Sometime during your life in Japan, you will probably feel a chilling attitude in Japan’s bureaucracy: as a foreign resident, you don’t really matter. To Japan’s policymakers, you’re at best an existence to be tolerated, at worst an unpredictable element that needs constant policing.
Outright rejection of appointing certain researchers to the Science Council of Japan without disclosing the reason is an abuse of the prime minister’s power.
On August 28, Toshimitsu Motegi, Japan’s foreign minister, was giving an official press conference to reporters in Japanese. A foreign reporter for Japan Times, Magdalena Osumi, asked some questions in Japanese. When Osumi followed up on a point he left unclear, Motegi responded to her in English.
How would you feel if you didn’t have air conditioning in Japan’s current heat? Air conditioners are at issue in the nation’s welfare system.
These are sobering times for Japan fans. Thanks to the pandemic, even the most starry-eyed and enfranchised foreigners are having their bubbles burst, realizing that their status in Japan, no matter how hard-earned, matters not one whit to Japan’s policymakers.
Haruma Miura, a popular 30-year-old actor, took his own life on July 18, 2020. Few Japanese hadn’t heard his name. He had starred in countless TV dramas, movies, and plays.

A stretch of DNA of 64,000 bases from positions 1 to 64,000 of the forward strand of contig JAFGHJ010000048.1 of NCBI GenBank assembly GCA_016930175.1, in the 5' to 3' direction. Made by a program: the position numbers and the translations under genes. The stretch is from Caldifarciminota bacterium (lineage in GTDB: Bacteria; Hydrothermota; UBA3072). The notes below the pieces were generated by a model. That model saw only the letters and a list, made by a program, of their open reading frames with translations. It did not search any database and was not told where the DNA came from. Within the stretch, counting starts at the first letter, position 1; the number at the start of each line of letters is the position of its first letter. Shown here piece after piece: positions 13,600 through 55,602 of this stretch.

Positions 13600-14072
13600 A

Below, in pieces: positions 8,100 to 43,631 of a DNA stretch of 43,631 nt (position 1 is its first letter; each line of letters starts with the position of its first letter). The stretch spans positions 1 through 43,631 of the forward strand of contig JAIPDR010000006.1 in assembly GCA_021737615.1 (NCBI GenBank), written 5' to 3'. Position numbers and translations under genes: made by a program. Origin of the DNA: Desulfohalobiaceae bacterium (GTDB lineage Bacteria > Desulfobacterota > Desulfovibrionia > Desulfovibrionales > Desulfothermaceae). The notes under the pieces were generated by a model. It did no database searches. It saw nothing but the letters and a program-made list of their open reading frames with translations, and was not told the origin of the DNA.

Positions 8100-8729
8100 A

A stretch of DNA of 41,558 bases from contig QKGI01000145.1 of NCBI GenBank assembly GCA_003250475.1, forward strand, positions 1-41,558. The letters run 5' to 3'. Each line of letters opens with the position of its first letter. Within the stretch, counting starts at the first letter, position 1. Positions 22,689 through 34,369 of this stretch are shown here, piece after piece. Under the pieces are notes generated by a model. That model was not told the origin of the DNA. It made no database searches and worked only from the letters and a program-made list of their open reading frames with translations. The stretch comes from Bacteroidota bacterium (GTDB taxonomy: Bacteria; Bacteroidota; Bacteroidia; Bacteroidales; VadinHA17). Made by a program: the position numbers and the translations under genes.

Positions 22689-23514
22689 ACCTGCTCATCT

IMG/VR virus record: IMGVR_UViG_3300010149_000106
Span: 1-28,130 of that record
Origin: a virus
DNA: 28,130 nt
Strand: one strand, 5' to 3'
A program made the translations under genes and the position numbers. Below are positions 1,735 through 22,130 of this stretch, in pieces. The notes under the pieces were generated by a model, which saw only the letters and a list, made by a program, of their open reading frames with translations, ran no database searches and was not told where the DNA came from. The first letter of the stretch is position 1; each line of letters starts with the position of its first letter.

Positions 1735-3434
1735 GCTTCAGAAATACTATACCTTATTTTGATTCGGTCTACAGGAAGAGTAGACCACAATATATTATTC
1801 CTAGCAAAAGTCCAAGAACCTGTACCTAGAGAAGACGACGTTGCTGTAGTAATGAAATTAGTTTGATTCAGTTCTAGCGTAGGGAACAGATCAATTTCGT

How bad does it have to get? I’m talking about Japan’s cruelty and meanness towards its Non-Japanese residents. How bad before people think to step in and stop it? With Covid-19, we might have an answer.
Why not just go back to your country? This simple exhortation to foreigners experiencing difficulty living in Japan captures the stark social reality for many of them.
Sparked by the George Floyd murder by police in the United States last month, street protests against official violence towards minorities and disenfranchised peoples have sprung up worldwide.
The work shutdown in the wake of the April 7, 2020, emergency declaration hit one group particularly hard: students working part-time gigs.